FAFSA Guide

FAFSA Guide

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Filling Out the FAFSA: My Parents Were Never Married

Sept. 20, 2019
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Filling Out the FAFSA: My Parents Were Never Married

Sept. 20, 2019
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Biological parents who were never married and don’t live together are treated similarly to parents that have been divorced. One parent, referred to as the “custodial parent”, will complete the FAFSA. The custodial parent is the parent you have lived with the most in the past 12 months.

If your custodial parent receives child support or alimony, you must list that as income on the FAFSA.

If your parents were never married but live together, then you must provide information for both parents.

» MORE: FAFSA checklist

Steps for Filling Out the FAFSA if your parents were never married

  1. In Step 4 (Parent), state that your parents’ marital status is “single.”
  2. Determine which of your parents is your “custodial parent.” The custodial parent is likely to be the higher earner.
  3. Fill out the FAFSA with your custodial parent’s income and assets.
  4. Do not include your “non-custodial” parent in your reported household size unless they live with you and receive more than 50% of their financial support from your custodial parent.
  5. Report financial support you receive from your “non-custodial” parent under the category of untaxed income.
  6. Contact your university’s financial aid office and explain your situation; see if they have university-specific advice or protocols. They may ask you to fill out a non-custodial parent form.

» MORE: 5 FAFSA tips to save you time when applying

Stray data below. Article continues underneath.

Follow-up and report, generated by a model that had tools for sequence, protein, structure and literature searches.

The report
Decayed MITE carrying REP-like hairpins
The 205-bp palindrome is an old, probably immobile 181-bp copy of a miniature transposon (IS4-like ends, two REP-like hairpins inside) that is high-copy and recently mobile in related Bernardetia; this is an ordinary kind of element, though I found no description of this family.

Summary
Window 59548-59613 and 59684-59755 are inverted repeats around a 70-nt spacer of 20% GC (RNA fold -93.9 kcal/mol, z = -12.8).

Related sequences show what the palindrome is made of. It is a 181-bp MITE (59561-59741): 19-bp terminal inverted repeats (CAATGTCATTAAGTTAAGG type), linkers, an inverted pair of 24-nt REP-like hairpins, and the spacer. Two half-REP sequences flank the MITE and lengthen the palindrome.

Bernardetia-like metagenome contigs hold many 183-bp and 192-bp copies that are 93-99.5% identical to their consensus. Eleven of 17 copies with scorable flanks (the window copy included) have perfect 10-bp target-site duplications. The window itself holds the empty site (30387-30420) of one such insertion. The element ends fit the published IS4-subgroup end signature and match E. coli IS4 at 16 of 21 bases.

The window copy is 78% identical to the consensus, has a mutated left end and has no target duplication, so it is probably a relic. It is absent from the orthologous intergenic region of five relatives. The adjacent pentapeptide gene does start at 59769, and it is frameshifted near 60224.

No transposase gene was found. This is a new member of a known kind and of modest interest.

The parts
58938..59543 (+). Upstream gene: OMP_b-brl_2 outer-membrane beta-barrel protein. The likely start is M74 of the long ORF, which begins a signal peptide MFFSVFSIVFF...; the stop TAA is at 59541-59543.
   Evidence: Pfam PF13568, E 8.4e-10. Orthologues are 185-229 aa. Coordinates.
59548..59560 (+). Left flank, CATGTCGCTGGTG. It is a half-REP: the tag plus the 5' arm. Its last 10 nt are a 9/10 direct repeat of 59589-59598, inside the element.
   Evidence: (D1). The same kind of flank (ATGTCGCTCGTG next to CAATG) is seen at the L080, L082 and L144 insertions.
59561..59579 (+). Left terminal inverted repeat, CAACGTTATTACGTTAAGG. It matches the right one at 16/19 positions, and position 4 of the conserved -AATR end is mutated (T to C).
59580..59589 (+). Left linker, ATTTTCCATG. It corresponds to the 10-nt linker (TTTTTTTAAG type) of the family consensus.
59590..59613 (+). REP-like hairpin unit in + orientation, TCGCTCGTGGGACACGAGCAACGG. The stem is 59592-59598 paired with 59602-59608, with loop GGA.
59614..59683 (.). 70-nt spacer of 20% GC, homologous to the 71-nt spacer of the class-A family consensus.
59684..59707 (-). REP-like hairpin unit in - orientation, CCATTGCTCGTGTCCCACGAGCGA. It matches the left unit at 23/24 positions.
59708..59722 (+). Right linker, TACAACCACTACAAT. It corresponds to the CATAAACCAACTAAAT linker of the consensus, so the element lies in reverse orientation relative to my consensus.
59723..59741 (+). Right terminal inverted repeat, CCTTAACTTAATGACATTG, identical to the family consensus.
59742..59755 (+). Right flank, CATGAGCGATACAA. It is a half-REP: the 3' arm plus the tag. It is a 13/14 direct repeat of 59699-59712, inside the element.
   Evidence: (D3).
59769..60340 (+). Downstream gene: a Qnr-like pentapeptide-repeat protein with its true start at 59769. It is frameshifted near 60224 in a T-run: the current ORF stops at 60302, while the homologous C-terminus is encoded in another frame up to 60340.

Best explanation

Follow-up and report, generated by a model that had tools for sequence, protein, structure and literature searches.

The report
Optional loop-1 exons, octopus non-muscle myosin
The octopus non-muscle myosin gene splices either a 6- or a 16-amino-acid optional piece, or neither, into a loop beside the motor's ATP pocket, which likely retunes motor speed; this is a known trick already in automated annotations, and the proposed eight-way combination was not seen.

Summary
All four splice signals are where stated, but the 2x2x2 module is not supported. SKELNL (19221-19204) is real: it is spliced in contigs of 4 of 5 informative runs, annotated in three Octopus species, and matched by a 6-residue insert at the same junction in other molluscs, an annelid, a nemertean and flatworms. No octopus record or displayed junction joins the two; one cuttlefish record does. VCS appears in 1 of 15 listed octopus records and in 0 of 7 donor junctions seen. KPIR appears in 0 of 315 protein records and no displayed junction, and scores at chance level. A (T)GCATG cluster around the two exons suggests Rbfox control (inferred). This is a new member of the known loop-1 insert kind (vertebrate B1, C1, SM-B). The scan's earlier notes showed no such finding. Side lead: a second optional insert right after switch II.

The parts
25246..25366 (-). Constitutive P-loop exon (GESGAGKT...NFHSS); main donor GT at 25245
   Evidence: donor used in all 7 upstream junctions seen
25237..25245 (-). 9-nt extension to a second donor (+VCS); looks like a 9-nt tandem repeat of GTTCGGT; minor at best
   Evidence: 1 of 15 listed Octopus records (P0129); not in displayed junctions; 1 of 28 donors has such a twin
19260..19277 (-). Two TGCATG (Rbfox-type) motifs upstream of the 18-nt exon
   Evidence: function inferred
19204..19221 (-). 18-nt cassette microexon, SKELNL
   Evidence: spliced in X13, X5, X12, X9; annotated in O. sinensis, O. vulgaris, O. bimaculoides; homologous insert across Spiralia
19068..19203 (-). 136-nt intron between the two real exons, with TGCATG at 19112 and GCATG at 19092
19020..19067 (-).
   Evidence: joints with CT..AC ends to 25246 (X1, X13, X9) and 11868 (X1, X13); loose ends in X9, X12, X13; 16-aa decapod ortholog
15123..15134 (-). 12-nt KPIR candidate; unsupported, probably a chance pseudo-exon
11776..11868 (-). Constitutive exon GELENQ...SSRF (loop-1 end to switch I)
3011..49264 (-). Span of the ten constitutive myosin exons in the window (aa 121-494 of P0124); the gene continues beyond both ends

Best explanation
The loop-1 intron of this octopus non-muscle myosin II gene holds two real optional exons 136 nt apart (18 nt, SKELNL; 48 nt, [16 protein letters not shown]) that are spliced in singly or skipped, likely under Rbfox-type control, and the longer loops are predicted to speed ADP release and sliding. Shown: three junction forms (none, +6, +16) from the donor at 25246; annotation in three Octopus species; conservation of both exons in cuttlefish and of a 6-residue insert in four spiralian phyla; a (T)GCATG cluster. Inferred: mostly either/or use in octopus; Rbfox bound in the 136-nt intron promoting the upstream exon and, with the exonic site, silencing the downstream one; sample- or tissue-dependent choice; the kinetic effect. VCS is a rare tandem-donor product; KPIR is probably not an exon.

Advice from University Financial Aid Officers

The custodial parent for federal student aid purposes is the parent with whom you lived the most during the past 12 months. If your parent is widowed or was never married, answer the questions about that parent.

— Department of Education

>>MORE: Learn about the best student loans for parents

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FAFSA Guide

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Filling Out the FAFSA: I am Legally Emancipated

Sept. 20, 2019
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At NerdWallet, we strive to help you make financial decisions with confidence. To do this, many or all of the products featured here are from our partners. However, this doesn’t influence our evaluations. Our opinions are our own.
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Filling Out the FAFSA: I am Legally Emancipated

Sept. 20, 2019
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The FAFSA can be difficult for non-traditional families to navigate. Students who are/were emancipated minors, as determined by a court, do not have to include their parents’ financial information on the FAFSA.

Any support received from friends or relatives should be reported on Worksheet B as income for the student.

» MORE: FAFSA checklist

Steps for filling out the FAFSA for emancipated minors

  1. Include your personal income and assets on the FAFSA.
  2. In Step 3 (Student), check “yes” for question 53 (As determined by a court in your legal state of residence, are you or were you an emancipated minor?).
  3. Skip all of Step 4 (Parent).
  4. Report any financial support received from legal guardians or foster parents on Worksheet B as personal income.
  5. Contact your university’s financial aid office and explain your situation; see if they have university-specific advice or protocols.

» MORE: How to take out student loans without your parents


Advice from University Financial Aid Officers

Students who are deemed to be an emancipated minor (youth who has obtained a court order legally releasing you from control of your parent or guardian) have more access to financial aid. Emancipated minors are considered independent students for financial aid purposes, and students will potentially have to provide documentation of their status to the financial aid office at their school of choice.

— Amy Cable, Director of Financial Aid at Mid-South Community College

» MORE: Here are private student loans you can get without a co-signer

Go back to the FAFSA guide